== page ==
Volume 2022 Number 2
  • ISSN: 0253-8253
  • EISSN: 2227-0426


Background: Cow's milk allergy is a common type of allergy in infants that is caused by the immune response to proteins in cow's milk. Digestive manifestations, atopic dermatitis, and respiratory discomfort are some of the clinical manifestations that appear; however, none of them are objective criteria to confirm the diagnosis, which may result in misdiagnosis, treatment hindrance, and parental concerns. Therefore, new methodologies for an accurate and immediate diagnosis is essential.

Methods: In this descriptive study, infants referred to the pediatric health center in Sulaymaniah were selected during a period of 1 year. The data were collected using a demographic questionnaire and the Cow's Milk Related Symptom Score (CoMiSS). Chi-squared and independent t tests were used to analyze the data.

Results: The findings of the present study indicated that among 250 infants (117 boys, 133 girls), with a mean ±  SD age of 2.9 ± 1.6 years, 21% were breastfed, 39% were fed both cow's milk and breast milk, and 60% were fed only cow's milk. The contingency of cow's milk allergy was positive in 35% of infants. According to this questionnaire, 18% of the participants got a score of 0–5, 47% scored 6–11, and 35% scored ≥ 12. A significant relationship was found between cow's milk allergy and the participants’ diet (p < 0.001). A significant association was also found between age-dependent growth index (weight p = 0.04, height p = 0.01, and head circumstance p = 0.02) and cow's milk allergy.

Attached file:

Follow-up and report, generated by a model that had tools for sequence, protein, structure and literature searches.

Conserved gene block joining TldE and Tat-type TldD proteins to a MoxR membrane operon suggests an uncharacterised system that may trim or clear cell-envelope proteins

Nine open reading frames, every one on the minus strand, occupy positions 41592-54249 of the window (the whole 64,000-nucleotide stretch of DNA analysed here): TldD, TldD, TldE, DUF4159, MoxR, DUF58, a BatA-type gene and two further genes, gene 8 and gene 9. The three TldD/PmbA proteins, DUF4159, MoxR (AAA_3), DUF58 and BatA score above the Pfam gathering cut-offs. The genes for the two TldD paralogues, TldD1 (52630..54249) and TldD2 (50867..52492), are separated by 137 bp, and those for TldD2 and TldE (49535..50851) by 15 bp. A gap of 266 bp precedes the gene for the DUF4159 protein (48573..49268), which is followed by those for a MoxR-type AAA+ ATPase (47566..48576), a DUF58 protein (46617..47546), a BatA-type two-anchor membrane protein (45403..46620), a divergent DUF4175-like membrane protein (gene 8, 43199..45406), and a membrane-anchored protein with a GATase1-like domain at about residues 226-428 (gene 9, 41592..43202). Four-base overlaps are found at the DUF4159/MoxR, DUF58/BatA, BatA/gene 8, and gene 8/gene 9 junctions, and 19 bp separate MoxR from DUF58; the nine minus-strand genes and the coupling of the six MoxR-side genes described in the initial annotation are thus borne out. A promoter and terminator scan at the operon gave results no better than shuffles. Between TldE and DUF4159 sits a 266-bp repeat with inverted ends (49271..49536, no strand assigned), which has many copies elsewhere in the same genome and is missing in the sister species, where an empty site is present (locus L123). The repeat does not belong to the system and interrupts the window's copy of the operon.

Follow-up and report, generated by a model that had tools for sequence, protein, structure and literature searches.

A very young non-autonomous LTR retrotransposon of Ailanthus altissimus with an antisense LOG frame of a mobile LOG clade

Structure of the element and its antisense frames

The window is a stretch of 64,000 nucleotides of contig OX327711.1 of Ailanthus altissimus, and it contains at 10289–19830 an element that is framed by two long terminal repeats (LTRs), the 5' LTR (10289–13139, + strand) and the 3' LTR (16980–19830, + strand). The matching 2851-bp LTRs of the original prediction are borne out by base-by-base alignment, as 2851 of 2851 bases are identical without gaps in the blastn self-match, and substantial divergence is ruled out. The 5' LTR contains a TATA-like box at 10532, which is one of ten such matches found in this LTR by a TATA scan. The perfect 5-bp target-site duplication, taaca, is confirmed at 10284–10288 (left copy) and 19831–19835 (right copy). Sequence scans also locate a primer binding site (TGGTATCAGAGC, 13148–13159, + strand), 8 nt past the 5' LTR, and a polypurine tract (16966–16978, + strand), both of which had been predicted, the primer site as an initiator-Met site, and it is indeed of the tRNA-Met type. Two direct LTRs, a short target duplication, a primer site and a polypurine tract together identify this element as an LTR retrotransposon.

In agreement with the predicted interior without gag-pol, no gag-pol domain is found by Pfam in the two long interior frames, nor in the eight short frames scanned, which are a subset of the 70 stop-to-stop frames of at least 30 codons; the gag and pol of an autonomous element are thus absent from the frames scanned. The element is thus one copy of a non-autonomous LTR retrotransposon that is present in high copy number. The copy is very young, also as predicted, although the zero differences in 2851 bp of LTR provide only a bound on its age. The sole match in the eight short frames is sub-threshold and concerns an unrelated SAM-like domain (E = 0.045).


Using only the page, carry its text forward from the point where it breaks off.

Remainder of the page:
Conclusion: Although common problems in infancy such as colic and reflux may interfere with an accurate diagnosis of cow's milk allergy, give false-positive results, and decrease the reliability of CoMiSS; there is a need for non-invasive and easy methods for early diagnosis and improving awareness to encourage parents to take preventive measures.


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